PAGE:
UFC superstar Conor McGregor announces retirement

Conor McGregor poses during the weigh-in on January 17, 2020 (Reuters)
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Updated 07 June 2020

UFC superstar Conor McGregor announces retirement

  • The controversial fighter first announced his retirement from the sport in March last year

LONDON: Mixed martial arts superstar Conor McGregor announced his retirement from the sport on Sunday.
The two-division Ultimate Fighting Championship (UFC) World Champion said his fighting days were over in a Twitter message posted on his verified account, alongside a picture of the Irishman with his mother, Margaret.
“Hey guys I’ve decided to retire from fighting. Thank you all for the amazing memories! What a ride it’s been!” he wrote.
“Here is a picture of myself and my mother in Las Vegas post one of my World title wins! Pick the home of your dreams Mags I love you! Whatever you desire it’s yours.”
The controversial fighter, nicknamed “The Notorious,” first announced his retirement from the sport in March last year after being battered into submission by arch-rival Khabib Nurmagomedov in October 2018.
He made a return to the octagon in January after 15 months of inaction to knock out American Donald “Cowboy” Cerrone in just 40 seconds in Las Vegas.
The 31-year-old, an icon of the UFC, is no stranger to controversy and hit the headlines last year for an attack on an older man in a Dublin bar that was captured in a viral video.
McGregor, one of the most popular fighters in MMA history, has a record of 22-4 and was the first UFC fighter to hold two championship belts at the same time.
He achieved that feat in 2016, when he stopped Eddie Alvarez in a lightweight title fight, adding it to his featherweight title.
That triumph was followed by a loss to boxing great Floyd Mayweather in a cross-combat superfight in 2017, his loss to Nurmagomedov, announcements of retirements and returns to fighting.


‘Fight Island’ concept debuts in Abu Dhabi on Sunday

Updated 11 July 2020

‘Fight Island’ concept debuts in Abu Dhabi on Sunday

  • Plan to be unveiled on Sunday with the staging of the 13-fight UFC 251 event on Abu Dhabi’s Yas Island

DUBAI: When mixed martial arts supremo Dana White first floated his “Fight Island” concept, with its echoes of the Bruce Lee blockbuster “Enter the Dragon” where fighters were drawn into combat at a private getaway, eyebrows were raised.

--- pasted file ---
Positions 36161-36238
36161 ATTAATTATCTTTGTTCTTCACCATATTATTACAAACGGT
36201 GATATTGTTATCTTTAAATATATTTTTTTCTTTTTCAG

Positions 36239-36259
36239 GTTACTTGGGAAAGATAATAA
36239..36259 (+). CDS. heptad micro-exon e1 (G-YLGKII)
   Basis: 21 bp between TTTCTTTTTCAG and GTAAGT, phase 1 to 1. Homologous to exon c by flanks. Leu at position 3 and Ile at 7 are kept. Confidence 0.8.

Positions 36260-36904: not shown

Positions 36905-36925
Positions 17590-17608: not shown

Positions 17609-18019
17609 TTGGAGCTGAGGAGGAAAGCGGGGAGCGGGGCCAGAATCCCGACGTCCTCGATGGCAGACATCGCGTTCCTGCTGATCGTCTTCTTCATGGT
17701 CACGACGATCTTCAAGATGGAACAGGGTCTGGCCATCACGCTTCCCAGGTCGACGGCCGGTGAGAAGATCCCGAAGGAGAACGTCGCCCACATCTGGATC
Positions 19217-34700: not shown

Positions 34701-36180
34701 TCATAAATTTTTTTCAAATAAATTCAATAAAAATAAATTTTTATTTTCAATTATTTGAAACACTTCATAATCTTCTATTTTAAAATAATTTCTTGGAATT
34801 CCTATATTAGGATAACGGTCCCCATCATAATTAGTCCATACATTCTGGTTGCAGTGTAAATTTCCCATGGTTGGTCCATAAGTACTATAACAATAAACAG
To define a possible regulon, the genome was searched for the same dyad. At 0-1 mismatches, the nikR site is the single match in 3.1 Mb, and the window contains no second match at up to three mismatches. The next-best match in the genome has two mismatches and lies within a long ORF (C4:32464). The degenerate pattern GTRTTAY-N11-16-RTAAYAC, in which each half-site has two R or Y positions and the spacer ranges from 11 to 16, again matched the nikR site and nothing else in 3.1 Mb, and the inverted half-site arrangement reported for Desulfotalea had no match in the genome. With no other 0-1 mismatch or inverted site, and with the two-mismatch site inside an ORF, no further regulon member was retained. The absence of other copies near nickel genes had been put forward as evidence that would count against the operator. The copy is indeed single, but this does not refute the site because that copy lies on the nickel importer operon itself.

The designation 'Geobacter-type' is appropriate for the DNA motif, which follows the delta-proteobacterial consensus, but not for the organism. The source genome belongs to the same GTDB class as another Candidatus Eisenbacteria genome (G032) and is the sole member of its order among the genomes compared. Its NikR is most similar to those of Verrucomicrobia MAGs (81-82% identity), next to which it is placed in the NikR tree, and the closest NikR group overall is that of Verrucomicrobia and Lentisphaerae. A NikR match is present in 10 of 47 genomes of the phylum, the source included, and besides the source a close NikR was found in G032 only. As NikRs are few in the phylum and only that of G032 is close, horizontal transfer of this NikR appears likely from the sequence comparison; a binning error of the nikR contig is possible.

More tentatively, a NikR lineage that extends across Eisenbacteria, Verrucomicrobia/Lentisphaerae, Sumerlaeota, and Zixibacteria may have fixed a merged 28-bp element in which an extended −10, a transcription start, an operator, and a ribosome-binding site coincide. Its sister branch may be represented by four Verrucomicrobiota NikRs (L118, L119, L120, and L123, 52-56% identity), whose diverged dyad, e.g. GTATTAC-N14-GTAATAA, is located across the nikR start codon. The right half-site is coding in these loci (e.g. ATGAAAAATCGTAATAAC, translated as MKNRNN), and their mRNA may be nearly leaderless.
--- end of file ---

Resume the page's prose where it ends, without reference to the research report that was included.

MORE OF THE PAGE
“‘Fight Island’ is real. It’s a real thing,” said the Ultimate Fighting Championship boss when he announced the plan in April. “The infrastructure’s being built right now, and that’s really going to happen.”

White’s vision will be unveiled on Sunday with the staging of the 13-fight UFC 251 event on Abu Dhabi’s Yas Island.

The event will be headlined by a welterweight world title encounter between the Nigerian-American champion Kamaru Usman and Cuban-American challenger Jorge Masvidal.

It’s one of four “Fight Island” cards to be staged without an audience inside an arena on the resort and entertainment island throughout July, kicking off with three world title bouts and a title challenge eliminator.

Usman said during a virtual media event that he had been impressed by what he’d seen since arriving in the UAE on Thursday.

“I’m grateful for everything that’s been done,” said Usman, gunning for the second defense of his title. “All the precautions have been taken. After I go out there on Saturday and get my hand raised I’ll be glad to be heading home COVID-free.”

The UFC has made the move to Abu Dhabi from its Las Vegas base in an effort to isolate its fighters during the coronavirus pandemic.

Safety has been a major motivator, as has the promoter’s need to keep staging events — and collecting revenue — during a crisis that has shut down or forced massive overhauls to the staging of the world’s major sporting events.

Strict lockdown measures have been imposed on athletes, their entourages, officials, staff and media for the duration of their stay on Yas Island, on a site that has been completely sealed off until the event concludes on July 26.

Tests were taken before people arrived — initial headliner Gilbert Burns of Brazil failed, and stayed home, Masvidal’s coach Mike Brown suffered the same fate — and after landing there has been more testing, and 48 hours in-room quarantine.

“We were able to lock away with some mats and pads in our room and keep training as much as we could,” said Russian welterweight Muslim Salikhov, who fights Brazil’s Elizeu Zaleski dos Santos in Sunday’s preliminaries.

“The main thing everyone is saying is that we are here, and we are ready to fight because that’s what we do for a living.”

Abu Dhabi’s executive director of tourism and marketing, Ali Al-Shaiba, said protocols were stringent in the expansive “safe zone,” patrolled by police and expected to house around 2,000 people for the duration of the month-long event. Staff will be tested every 72 hours.